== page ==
THE VOICE OF ONTARIO'S FRUIT, VEGETABLE
AND GREENHOUSE PRODUCERS FOROVER 150 YEARS

OFVGA Response: Cap and Trade

Re: Ontario Cap and Trade Program: Offsets Credits Regulatory Proposal (EBR Registry Number: 012-9078)

The Ontario Fruit and Vegetable Growers’ Association (OFVGA) is the umbrella organization for the province’s fruit and vegetable farmers representing 27 different grower groups. OFVGA would like to express its thanks for the opportunity to provide comment on the Ontario Cap and Trade Program: Offsets Credits Regulatory Proposal consultation.

Local food security is important for a sustainable and healthy Ontario. In order to successfully achieve this, farmers and those involved in the edible horticulture sector should be acknowledged for their role in reducing greenhouse gas emissions and be given the opportunity to participate in the system through carbon offsets (i.e. carbon credits). OFVGA would like to present the following comments to support Ontario’s cap and trade program:

Access to carbon credits

OFVGA sees an opportunity in this posting, especially with the mention of early adoption dating back to January 1, 2007. We agree with this approach provided that a broad range of activities that our members (fruit and vegetable farmers) engage in are eligible to be sold as credits. These carbon offsets are needed immediately considering that the cap and trade costs begin January 1, 2017.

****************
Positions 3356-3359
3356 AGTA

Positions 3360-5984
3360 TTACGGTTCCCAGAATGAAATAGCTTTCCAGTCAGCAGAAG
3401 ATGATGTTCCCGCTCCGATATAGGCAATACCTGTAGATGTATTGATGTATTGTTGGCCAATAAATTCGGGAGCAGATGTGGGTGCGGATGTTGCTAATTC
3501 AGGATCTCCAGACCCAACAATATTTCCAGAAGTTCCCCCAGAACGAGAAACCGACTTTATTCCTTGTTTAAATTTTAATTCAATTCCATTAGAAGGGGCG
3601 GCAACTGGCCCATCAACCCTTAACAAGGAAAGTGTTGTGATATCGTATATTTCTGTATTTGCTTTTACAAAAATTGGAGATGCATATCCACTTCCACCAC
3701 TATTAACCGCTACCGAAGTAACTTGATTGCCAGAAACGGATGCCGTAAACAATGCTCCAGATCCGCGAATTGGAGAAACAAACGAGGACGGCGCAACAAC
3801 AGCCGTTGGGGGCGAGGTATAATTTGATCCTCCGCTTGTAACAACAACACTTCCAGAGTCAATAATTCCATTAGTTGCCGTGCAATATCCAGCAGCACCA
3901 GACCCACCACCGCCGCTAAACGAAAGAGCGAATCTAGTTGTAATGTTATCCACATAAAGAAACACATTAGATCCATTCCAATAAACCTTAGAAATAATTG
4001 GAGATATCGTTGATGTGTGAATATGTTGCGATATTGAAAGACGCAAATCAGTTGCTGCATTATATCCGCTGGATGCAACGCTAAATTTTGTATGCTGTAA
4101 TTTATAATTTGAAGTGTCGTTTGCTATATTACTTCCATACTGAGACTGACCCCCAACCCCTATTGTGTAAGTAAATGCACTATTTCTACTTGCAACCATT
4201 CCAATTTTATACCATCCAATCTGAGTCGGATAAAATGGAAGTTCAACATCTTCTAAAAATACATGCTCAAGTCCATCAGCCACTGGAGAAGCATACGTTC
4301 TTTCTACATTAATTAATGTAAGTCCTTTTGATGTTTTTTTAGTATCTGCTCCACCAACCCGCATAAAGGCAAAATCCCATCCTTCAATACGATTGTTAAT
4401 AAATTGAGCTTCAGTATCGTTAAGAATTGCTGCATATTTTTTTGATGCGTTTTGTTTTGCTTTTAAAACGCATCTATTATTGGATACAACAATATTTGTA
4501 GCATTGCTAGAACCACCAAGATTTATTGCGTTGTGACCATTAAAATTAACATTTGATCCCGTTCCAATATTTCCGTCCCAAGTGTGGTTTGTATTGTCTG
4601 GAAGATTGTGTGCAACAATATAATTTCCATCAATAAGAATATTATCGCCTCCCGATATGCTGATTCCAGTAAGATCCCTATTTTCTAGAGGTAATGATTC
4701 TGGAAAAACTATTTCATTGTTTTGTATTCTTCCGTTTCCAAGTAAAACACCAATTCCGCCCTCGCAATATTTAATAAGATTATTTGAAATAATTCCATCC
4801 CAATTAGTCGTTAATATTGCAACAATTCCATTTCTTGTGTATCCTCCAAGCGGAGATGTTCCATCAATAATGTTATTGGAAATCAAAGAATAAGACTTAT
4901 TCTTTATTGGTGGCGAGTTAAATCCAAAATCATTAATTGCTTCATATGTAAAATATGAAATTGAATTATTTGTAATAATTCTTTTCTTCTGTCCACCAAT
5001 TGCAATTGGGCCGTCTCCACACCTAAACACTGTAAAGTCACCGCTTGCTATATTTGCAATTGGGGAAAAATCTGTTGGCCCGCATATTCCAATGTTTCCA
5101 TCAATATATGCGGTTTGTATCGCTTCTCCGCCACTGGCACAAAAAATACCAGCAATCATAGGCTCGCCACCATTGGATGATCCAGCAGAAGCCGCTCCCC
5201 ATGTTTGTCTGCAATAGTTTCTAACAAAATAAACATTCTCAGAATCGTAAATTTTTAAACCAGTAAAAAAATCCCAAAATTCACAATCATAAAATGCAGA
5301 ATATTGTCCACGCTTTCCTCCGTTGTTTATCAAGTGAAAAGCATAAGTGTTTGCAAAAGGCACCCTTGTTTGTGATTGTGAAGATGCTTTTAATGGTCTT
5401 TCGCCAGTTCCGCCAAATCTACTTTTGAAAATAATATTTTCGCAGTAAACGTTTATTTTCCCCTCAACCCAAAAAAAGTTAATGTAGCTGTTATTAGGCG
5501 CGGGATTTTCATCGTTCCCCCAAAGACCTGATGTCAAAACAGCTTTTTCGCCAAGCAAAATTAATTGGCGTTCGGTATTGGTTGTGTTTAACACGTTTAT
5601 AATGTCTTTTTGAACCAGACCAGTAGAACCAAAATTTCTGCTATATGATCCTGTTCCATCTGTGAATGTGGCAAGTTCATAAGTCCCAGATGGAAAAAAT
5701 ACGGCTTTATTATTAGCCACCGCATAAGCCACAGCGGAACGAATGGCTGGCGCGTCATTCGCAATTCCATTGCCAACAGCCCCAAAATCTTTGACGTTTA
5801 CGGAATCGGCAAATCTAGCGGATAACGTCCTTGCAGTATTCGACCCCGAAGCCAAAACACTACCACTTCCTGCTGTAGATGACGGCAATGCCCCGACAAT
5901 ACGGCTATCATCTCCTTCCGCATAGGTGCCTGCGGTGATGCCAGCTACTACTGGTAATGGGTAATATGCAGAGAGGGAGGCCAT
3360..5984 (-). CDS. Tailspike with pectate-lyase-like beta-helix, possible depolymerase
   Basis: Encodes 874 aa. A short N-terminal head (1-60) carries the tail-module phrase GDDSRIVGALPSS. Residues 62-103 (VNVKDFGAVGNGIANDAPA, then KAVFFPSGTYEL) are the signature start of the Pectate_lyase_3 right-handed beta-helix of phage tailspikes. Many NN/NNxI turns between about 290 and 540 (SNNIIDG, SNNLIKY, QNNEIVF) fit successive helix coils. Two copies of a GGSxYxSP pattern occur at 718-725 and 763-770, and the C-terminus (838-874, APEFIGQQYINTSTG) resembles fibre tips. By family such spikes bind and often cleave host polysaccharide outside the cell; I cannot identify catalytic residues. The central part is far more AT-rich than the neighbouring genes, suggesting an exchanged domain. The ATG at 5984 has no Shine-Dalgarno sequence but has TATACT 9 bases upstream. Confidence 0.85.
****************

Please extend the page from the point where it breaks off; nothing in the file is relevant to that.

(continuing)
The list should include activities that sequester carbon and reduce carbon emissions such as no-till, grass buffers, high efficiently irrigation, plasticulture, and carbon dioxide fixation by greenhouse growers as a few examples. We support the aggregation of activities to ensure that carbon offsets can be easily and economically available to growers. Aggregation makes for an efficient and cost-effective beneficial program for all those involved. Similarly, while not relevant to this consultation, we believe that aggregation of food-producing facilities should also be allowed in the cap and trade program. Aggregation would allow for a level playing field across individual horticultural sectors, most notably greenhouse farming. The current framework places small to medium sized operations at a significant competitive disadvantage to larger facilities that can access free allowances through the cap and trade program. OFVGA believes the importance of food security and sovereignty should be supported through the recognition and support of greenhouse gas reduction activities by Ontario’s fruit and vegetable farmers.